Biltong questions?

Discussion in 'Making Jerky' started by tgil, Jan 11, 2015.

  1. tgil

    tgil Fire Starter

      I've read a bunch of the old threads, but there isn't much in the last year or so?  Did everyone decide they liked jerky better?  I've been wanting to try my had at some biltong and have a 2lb piece of venison I'd like to try it with.  Since there really isn't a need for heat, other than to circulate air, couldn't I use my fridge to do the same thing?
     
  2. crazymoon

    crazymoon Master of the Pit SMF Premier Member

    TG, sorry but don't know a thing about it except that it looks good when its done !
     
  3. dingo007

    dingo007 Smoking Fanatic

    Hi tgil,

    Sorry for the slow response....I make lots of Biltong...Technically there is a need for some heat...not to cook..but to dehydrate...using a fridge would cause the outside of the meat to harden and prevent an even drying. Some people make biltong boxes....an aerated box with a heat source...this doesn't deal with humidity. Too little humidity (per your fridge) is a problem...to much also a problem. I make mine in a purpose built curing chamber where I can control temp and humidity.

    You should check out the forum biltongbox.com ...might give you some ideas.

    otherwise...build a box...use a dehydrator...or make a curing chamber (my recommendation...as once you start dry aging...you cant stop). The fridge is a risky option.

    Let me know if you want to know anything else.
     
  4. boer1979

    boer1979 Newbie

    you dont need heat, you just need somewhere dry, and make sure the meat doesnt touch while drying or else it will get mildew growing on it. i build a biltong box ( google it, theres a bunch of ways to make it) and i use a 100watt light bulb to dry the meat. 
     
  5. dingo007

    dingo007 Smoking Fanatic

    If you dont need heat....why use the 100W light bulb?
     
  6. I've had plenty of real Biltong, air dried in Africa- It's a wonder I have any teeth left in my head.........Give me Jack Links any day!
     
  7. dingo007

    dingo007 Smoking Fanatic

    Haha..that;s the beauty of Biltong...dry it to your taste. I've also had some that nearly pulled the teeth out of my mouth! I prefer it much softer...even softer than jerky...

     
  8. sqwib

    sqwib Smoking Guru OTBS Member

    I have had good luck with biltong. Cardboard box with a 20 watt bulb.
    The bulb is to create draft by heat rising and pulling in air. Just make sure to use fine screen to keep the no seeum bugs away.
     
  9. crys

    crys Newbie

    Just made my first biltong using the bilton maker described by popular mechanics - the plastic box with a fan and bulb (used a heating bulb for reptiles).  Came out very good for a first try though I'm going to make some changes like thicker cuts of meat, 1" instead of 1/2", and 5% salt instead of 6% salt (used the universal cure calculator).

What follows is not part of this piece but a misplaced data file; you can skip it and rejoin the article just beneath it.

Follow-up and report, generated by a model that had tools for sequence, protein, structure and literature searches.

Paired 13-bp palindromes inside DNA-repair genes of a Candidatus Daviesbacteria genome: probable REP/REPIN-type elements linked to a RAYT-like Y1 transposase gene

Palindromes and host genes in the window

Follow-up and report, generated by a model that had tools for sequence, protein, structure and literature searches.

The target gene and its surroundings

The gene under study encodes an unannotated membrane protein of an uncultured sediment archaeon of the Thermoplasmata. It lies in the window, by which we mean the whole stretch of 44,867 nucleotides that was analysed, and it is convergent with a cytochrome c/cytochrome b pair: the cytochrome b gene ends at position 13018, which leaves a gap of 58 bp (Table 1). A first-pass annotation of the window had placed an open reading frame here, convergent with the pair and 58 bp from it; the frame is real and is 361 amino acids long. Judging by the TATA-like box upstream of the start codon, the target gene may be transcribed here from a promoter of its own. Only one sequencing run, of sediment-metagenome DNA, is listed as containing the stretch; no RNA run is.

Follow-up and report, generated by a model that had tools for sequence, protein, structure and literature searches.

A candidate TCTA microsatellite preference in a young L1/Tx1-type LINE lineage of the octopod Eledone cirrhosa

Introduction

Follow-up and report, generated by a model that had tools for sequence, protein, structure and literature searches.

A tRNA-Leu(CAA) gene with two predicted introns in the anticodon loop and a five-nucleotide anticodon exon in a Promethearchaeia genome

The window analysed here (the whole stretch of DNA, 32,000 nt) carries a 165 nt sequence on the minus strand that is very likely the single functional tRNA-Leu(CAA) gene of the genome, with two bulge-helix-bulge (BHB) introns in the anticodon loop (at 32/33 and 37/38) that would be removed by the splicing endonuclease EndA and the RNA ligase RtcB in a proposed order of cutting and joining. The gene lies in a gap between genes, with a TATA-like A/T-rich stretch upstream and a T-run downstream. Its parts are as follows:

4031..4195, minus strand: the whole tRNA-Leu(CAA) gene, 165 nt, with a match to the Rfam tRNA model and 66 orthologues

I'm of two minds about using cure in my next batch...this isn't aerobic at all so do I need to actually worry about botulism with air drying?

    Oh also I used malt vinegar as this is the brown vinegar described in many recipes and I'm very happy I did as the taste is excellent.
     
  10. ksforrie

    ksforrie Newbie

    You need good airflow to dry the meat.  I use a box with a extractor fan in the top and a 150W incident bulb if i need more heat.
     
  11. dingo007

    dingo007 Smoking Fanatic

    Hi Crys,

    I agree with the cut...I try to cut mine 1" square..it seems to give the best results.

    Regarding the use of cure....Initially I didn't use it my biltong as it wasn't a ground product and I was following a traditional recipe...however cure is used in whole meat production all the time. Sure it's generally #2 as the curing/drying times are longer. Botulism is more of a risk in ground products, but their is still a risk in whole meat products. After a discussion with an expat South African friend on another forum ( I think he is here also) he pointed out a case of botulism poisoning in Australia where a commercial producer left it out by accident. People died.  His comment was " I'm to old to play Russian roulette" ...  My opinion, fwiw, is sure traditionally it wasn't used, but with today's knowledge why would you risk your own life, and that of your friends and family, by not using it? I've used ever since and honestly, contrary to opinion, I cant say that it affects the flavor at all. The choice is yours. It's sort like seat belts...in Colorado at least, you generally wont get ticketed for not wearing one, but why wouldn't you?
     
  12. mummel

    mummel Master of the Pit

    Hi Dingo. I'm very interested in trying my own biltong. I want to dry it in my basement with a fan. It's pretty cool down there. Sub 72F on an average day. But do you know what the relative humidity should be? It's pretty humid in my basement, at least 55% - 65%. But man I would be so excited if I could do this.
     
  13. crys

    crys Newbie